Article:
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The president of Ecuador, Guillermo Lasso, is being asked to respond to popular demands presented at dialogue tables a year ago.
Protests have been underway in Ecuador since the early hours of Monday morning. "The mobilization is national, territorial and indefinite. If today the president of the Republic gives answers, we will lift the strike. If not, we will continue indefinitely," Leonidas Iza, president of the Confederation of Indigenous Nationalities of Ecuador (CONAIE), warned.
The president of CONAIE said that the government must respond to the ten demands raised by the social organizations and show a willingness to be with the people and not with the International Monetary Fund (IMF).
In the provinces of Chimborazo, Cotopaxi, Pastaza, Napo and Tungurahua, road blockades have been increasing throughout the day. The Integrated Security Service, at 08H37 local time, reported that 17 highways were already closed in 15 of the 24 provinces of the country, with several accesses to the capital, Quito, still blocked.
The strike is organized by CONAIE and more than 53 social organizations. The Confederation of Indigenous Nationalities of the Amazon (CONFENAIE), the National Confederation of Peasant, Indigenous and Black Organizations (FENOCIN), the Council of Indigenous Evangelical Peoples and Organizations of Ecuador (FEINE) and the National Union of Educators (UNE) support the strike.
Varios sectores del pueblo han salido a protestar contra el alto costo de la vida y las medidas antipopulares del gobierno, la situación de las masas es cada vez más fuerte, la crisis del capitalismo imperialismo impacta con fuerza en nuestro país, #protestas#ParoNacionalpic.twitter.com/QcqaGIY1Za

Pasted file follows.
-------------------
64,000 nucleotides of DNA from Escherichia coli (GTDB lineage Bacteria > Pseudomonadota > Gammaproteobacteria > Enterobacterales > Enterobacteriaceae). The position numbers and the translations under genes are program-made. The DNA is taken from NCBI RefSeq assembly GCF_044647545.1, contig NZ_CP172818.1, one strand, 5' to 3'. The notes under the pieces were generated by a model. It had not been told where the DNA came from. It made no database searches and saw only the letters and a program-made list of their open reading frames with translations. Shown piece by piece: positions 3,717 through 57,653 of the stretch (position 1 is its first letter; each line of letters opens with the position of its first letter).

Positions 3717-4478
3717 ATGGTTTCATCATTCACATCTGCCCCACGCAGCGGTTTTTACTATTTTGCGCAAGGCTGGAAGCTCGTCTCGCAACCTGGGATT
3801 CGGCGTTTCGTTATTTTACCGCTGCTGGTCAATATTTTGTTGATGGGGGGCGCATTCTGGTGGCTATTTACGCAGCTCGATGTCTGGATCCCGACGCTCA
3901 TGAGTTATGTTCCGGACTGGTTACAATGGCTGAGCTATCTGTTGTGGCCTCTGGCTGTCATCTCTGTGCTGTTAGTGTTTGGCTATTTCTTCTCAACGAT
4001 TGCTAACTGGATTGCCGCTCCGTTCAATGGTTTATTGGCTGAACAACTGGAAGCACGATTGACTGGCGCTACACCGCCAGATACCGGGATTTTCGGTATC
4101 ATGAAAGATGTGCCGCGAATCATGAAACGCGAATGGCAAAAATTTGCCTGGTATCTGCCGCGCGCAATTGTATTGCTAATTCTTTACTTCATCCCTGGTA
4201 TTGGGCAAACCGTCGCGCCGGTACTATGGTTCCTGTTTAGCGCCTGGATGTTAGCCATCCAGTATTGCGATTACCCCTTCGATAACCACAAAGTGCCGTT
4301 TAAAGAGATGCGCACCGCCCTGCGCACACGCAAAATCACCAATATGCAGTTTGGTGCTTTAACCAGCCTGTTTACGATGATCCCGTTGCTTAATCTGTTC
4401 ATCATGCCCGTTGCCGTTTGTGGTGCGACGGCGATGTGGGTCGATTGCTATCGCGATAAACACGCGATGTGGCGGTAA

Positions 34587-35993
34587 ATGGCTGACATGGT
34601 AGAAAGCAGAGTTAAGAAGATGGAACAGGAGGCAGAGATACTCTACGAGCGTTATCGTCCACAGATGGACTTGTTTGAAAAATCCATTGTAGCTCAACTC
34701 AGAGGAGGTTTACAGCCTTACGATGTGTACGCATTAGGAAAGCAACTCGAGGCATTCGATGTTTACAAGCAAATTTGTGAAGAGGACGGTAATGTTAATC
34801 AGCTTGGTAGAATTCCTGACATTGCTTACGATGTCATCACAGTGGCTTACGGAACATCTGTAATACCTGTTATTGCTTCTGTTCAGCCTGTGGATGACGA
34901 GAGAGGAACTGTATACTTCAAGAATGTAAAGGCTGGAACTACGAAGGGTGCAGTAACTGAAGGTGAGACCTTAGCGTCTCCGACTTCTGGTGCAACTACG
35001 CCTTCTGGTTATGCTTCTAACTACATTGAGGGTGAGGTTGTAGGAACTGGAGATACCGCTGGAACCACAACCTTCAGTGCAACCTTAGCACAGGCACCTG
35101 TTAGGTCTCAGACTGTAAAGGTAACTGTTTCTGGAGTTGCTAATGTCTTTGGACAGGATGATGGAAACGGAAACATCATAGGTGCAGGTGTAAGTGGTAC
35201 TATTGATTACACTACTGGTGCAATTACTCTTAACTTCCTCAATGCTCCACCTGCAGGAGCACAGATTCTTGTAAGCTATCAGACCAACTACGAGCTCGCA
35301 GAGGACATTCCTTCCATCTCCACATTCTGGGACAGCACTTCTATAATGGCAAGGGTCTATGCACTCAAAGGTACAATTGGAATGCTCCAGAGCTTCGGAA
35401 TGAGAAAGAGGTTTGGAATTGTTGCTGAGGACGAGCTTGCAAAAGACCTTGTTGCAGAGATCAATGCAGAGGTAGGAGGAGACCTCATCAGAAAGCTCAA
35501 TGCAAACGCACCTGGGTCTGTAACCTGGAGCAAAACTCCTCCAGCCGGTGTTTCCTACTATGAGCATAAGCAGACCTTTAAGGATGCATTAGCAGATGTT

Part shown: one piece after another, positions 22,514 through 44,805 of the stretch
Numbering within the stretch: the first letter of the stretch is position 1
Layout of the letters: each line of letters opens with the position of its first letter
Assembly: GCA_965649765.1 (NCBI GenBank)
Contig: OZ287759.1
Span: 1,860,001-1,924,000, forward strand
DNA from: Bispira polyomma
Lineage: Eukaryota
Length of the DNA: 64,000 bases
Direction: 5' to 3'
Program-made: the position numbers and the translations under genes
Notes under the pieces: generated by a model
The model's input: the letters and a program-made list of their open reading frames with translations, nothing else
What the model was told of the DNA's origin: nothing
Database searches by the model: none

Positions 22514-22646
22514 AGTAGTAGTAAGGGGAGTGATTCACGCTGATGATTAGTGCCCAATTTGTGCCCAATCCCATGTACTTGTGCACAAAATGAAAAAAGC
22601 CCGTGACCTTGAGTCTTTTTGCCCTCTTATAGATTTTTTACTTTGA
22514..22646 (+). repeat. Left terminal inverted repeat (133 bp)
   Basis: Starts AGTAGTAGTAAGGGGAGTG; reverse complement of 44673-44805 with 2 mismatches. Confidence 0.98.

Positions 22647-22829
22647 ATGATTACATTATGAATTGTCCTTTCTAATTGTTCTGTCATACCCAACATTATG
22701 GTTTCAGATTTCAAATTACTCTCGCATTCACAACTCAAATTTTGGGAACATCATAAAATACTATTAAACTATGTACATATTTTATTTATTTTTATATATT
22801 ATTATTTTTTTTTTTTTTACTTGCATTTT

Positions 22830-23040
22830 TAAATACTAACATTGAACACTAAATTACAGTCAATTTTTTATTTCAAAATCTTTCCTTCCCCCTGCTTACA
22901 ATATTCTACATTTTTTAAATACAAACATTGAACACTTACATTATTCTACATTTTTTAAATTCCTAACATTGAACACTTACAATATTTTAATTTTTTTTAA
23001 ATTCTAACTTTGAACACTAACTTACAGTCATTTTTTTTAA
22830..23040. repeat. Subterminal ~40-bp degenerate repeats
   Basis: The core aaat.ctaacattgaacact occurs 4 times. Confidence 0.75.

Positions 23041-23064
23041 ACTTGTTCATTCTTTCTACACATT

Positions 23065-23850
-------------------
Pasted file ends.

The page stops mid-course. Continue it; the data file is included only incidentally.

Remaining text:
Several sectors of the people have come out to protest against the high cost of living and the anti-popular measures of the government; the situation of the masses is getting stronger, and the crisis of imperialist capitalism has a strong impact on our country.
Freezing fuel prices takes center stage among the demands made by the organizations. Other demands include fair prices for agricultural products, policies and public investment to curb labor precariousness and stop the privatization of the nation's strategic sectors, considered the birthright of Ecuadorians.
Policies to control prices and speculation in essential commodities are also requested. As for education, the organizations call for improving the network of educational centers and guaranteeing young people's access to higher education.
In the health sector, there is a call for the government to resolve the shortage of medicines and the lack of personnel in hospitals. Equally important is the demand for effective public policies to halt the wave of violence and insecurity hitting Ecuador due to growing organized crime.
Social organizations are calling for economic relief for over 4 million families through a moratorium of at least one year on the payment of debts and interest, as well as preventing the expropriation of assets such as houses, land, or cars for non-payment.